A recent article at ahram online triggered this post, a piece starting with this sentence: Ramy Essam’s new song, ‘We Don’t Belong to Them,’ gives voice to those caught in the middle of Egypt’s Islamist-military tug of war. That caught my eye, because those in the middle, those without an authoritarian solution, those without leadership, seem to be of many voices. Strategically and tactically confused as I wrote earlier, and more often than not putting any short-term expectations of positive change, and the label revolution with it, back into the cupboard of fairy tales, with all the painful emotions that go with shelving one’s hopes.
So I watched, then watched some of his other stuff, and this is the story as I hear it. It all started during those extraordinary 18 days in 2011:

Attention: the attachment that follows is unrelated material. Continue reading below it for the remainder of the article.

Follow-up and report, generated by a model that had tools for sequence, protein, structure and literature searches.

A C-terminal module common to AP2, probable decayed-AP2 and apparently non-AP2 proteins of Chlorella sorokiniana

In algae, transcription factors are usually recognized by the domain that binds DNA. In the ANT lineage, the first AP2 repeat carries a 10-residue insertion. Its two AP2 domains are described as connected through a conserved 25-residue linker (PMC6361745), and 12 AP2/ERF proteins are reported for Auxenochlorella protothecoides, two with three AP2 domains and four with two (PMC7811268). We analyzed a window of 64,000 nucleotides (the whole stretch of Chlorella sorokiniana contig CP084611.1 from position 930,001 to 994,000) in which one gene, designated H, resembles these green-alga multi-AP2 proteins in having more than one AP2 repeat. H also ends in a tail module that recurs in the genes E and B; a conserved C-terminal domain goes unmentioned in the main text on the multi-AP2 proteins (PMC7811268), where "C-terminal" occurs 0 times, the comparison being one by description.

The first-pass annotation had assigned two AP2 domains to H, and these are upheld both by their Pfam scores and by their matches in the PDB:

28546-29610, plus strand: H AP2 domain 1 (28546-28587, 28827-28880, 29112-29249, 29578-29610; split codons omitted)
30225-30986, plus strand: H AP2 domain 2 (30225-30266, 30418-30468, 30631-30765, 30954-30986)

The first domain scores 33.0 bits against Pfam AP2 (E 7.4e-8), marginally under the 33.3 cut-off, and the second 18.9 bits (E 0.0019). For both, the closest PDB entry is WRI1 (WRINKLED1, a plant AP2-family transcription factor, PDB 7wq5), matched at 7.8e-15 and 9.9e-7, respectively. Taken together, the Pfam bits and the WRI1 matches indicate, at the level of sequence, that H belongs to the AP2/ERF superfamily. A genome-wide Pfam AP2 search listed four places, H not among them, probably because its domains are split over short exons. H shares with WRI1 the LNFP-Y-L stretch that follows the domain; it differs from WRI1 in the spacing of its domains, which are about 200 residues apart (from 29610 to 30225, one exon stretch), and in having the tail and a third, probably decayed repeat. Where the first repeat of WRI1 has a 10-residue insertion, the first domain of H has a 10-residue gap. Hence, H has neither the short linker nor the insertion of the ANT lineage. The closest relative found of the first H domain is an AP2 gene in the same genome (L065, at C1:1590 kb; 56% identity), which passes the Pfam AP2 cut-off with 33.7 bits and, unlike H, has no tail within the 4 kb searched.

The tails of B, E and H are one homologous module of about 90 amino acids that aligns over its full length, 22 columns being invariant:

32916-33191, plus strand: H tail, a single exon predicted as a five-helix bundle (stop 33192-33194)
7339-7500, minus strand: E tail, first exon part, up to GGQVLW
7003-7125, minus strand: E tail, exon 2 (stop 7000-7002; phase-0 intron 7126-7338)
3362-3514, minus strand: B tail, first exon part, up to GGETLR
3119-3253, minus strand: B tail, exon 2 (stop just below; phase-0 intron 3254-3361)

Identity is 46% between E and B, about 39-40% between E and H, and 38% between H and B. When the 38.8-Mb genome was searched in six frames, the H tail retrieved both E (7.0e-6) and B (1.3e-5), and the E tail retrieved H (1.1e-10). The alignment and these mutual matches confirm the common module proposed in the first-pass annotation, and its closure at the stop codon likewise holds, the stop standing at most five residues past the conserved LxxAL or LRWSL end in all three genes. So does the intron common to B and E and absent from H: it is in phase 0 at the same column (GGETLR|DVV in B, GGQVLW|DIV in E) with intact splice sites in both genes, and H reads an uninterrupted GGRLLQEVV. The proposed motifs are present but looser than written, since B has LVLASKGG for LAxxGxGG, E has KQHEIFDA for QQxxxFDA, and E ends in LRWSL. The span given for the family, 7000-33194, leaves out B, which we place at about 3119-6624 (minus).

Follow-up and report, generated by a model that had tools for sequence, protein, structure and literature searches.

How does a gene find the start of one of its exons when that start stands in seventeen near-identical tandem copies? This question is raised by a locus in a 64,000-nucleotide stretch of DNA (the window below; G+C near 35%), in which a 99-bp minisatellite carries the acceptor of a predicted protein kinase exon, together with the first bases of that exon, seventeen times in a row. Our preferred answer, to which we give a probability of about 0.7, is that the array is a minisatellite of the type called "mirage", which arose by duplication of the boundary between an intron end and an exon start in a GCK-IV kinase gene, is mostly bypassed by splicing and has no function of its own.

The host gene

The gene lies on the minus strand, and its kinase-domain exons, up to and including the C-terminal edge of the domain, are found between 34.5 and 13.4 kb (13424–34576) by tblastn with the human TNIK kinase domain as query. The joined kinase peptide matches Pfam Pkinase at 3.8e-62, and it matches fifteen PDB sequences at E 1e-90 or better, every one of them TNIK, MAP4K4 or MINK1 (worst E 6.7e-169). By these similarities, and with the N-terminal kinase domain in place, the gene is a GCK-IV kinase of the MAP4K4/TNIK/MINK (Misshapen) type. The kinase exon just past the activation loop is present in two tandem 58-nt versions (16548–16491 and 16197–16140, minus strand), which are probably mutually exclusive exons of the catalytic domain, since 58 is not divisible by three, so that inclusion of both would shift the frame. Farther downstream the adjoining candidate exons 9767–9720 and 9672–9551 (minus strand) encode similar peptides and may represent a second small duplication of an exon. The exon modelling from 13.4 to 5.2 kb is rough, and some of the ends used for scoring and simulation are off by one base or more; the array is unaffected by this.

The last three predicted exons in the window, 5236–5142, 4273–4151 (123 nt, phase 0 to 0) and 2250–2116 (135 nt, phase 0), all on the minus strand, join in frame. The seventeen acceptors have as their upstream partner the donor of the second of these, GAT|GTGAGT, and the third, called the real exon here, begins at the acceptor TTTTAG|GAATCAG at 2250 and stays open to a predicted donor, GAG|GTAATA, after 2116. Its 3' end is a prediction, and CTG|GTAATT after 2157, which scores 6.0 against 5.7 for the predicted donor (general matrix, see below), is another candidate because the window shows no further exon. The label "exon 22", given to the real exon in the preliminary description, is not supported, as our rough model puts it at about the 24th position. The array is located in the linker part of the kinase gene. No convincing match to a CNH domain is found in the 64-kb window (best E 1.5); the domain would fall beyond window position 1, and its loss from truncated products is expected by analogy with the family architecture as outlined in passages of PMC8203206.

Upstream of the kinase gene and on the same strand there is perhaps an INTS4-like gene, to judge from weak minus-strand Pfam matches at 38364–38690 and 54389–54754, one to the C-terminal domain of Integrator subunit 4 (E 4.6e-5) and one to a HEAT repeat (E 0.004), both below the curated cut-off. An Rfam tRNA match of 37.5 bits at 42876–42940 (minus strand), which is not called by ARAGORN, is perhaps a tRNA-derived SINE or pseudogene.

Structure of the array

Then there is this period of hope, Mubarak gone, change may actually happen. Messy, contested visions for the future, but hope. And Ramy puts stuff out like this (which include some main characters of that fabulous movie Microphone):
The year after, with Morsi in charge and the repressive state apparatus unchallenged, he releases this on the international day to end impunity, just in case anyone had forgotten what the revolution had been about (beware, the images are explicit):
This short documentary shows him explaining his disappointment but defiant:
Then look at hope rekindled in the crowd’s reaction to his cover of Cairokee’s esbat makanak, hold on to your position, in the build-up to the ‘second revolution’ (for the original with translated lyrics, watch here):
And now watch his new video. Still very much determined, but something in the heart seems to have changed. To me it’s painful to watch. As with all judgements, this tells you more about me than either Ramy or Egypt. Maybe, this is exactly what those in the middle need. Who is to say. I hope he is right.